This has caused a reduction in the size of herds such as sheep and goats.

China has no choice but to win this battle with the desert since there is a shortage of land to use for food production—only 15% of the land that can be cultivated for food crops but only 75% of that land (about 10% of China’s land) is used for that purpose.

Yet, even with these challenges, China still produces more food than any other country.

_______________

Lloyd Lofthouse is the award-winning author of My Splendid Concubine [3rd edition]. When you love a Chinese woman, you marry her family and culture too. This is the love story Sir Robert Hart did not want the world to discover.

His latest novel is the multiple-award winning Running with the Enemy.

Subscribe to “iLook China”!
Sign up for an E-mail Subscription at the top of this page, or click on the “Following” tab in the WordPress toolbar at the top of the screen.

About iLook China

China’s Holistic Historical Timeline


The land of famines and drought: China

April 9, 2014

For more than two millennia, imperial records show that China has suffered from droughts and famines on an annual basis in one or more of its provinces.  This history may explain why China spent several centuries starting long before the birth of Christ to build its thousand mile long Grand Canal that puts the Panama and Suez Canals to shame.

Today, China finds itself water challenged in the north and southwest.  The Daily Mail reported January 2014 that “The largest freshwater lake in China which covers an expanse twice the size of London has dried up because of an ongoing drought.”

Solve Climate News reports that drought had dried up areas of southern China.  Three-hundred-and-ten reservoirs, 580 rivers and 3,600 pools have been baked dry.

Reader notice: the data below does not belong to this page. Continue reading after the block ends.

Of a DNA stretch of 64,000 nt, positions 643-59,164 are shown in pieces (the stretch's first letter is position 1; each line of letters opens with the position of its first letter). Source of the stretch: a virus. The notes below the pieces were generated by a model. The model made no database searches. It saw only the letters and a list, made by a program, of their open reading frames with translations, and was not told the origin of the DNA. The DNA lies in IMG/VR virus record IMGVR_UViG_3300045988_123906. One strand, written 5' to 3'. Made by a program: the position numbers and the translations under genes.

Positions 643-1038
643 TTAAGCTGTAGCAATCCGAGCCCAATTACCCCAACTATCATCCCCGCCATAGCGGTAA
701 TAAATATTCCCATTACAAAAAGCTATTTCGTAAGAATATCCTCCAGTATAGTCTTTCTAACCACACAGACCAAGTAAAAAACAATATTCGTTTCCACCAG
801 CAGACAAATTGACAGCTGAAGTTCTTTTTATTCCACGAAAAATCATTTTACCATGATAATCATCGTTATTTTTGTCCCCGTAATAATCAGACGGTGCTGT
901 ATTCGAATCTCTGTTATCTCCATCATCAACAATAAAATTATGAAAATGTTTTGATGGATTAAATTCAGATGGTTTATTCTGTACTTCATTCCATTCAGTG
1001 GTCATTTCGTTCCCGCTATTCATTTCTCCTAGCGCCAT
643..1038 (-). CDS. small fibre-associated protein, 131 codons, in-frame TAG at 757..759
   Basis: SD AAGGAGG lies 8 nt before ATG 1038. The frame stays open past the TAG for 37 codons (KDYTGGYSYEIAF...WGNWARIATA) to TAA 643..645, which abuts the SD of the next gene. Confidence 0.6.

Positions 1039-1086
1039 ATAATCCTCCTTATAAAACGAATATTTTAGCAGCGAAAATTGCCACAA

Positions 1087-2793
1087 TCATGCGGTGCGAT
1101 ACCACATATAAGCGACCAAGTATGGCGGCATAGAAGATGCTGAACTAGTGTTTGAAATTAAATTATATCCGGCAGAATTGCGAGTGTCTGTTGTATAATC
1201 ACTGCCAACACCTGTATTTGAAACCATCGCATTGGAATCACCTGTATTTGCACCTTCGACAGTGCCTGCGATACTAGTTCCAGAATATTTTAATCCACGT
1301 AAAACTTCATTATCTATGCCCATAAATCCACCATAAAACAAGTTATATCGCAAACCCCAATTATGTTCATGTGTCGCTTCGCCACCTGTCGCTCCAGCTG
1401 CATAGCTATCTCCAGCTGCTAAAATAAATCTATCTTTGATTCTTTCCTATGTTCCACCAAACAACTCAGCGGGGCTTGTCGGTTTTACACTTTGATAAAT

Older villagers say reservoirs and irrigation channels are dry for the first time in their lives.

Some blame Global Warming, while environmental activists blame China’s biggest hydro-engineering project, the South-to-North water diversion scheme, which is designed to channel water north to cities such as Beijing and Tianjin.

In fact, this couldn’t be true because the South-to-North water diversion will not be completed until 2050 and due to environmental concerns; the western line is still in the planning stages. Only the eastern and central lines are under construction. Source: Water Link International

CNN reports that drought in northern China is threatening crops in at least 12 provinces where more than 3.5 million people live, including about 2 million livestock. More than 200 million people live in northern China.

The only region of China that’s getting torrential, record rainfall is southeast China where floods have killed many and displaced thousands. Source Accuweather.com

Much of China’s water originates in Tibet. In southwest China, the Mekong River originates on the Tibetan plateau. The Yangtze and the Yellow Rivers comes from the glaciers and melt water of the eastern edge of the Tibetan Plateau. However, the snow and ice in Tibet is melting and the region is turning into a desert.

_______________

Lloyd Lofthouse is the award-winning author of My Splendid Concubine [3rd edition]. When you love a Chinese woman, you marry her family and culture too. This is the love story Sir Robert Hart did not want the world to discover.

His latest novel is the multiple-award winning Running with the Enemy.

Subscribe to “iLook China”!
Sign up for an E-mail Subscription at the top of this page, or click on the “Following” tab in the WordPress toolbar at the top of the screen.

About iLook China

China’s Holistic Historical Timeline


Follow

Get every new post delivered to your Inbox.

Join 5,835 other followers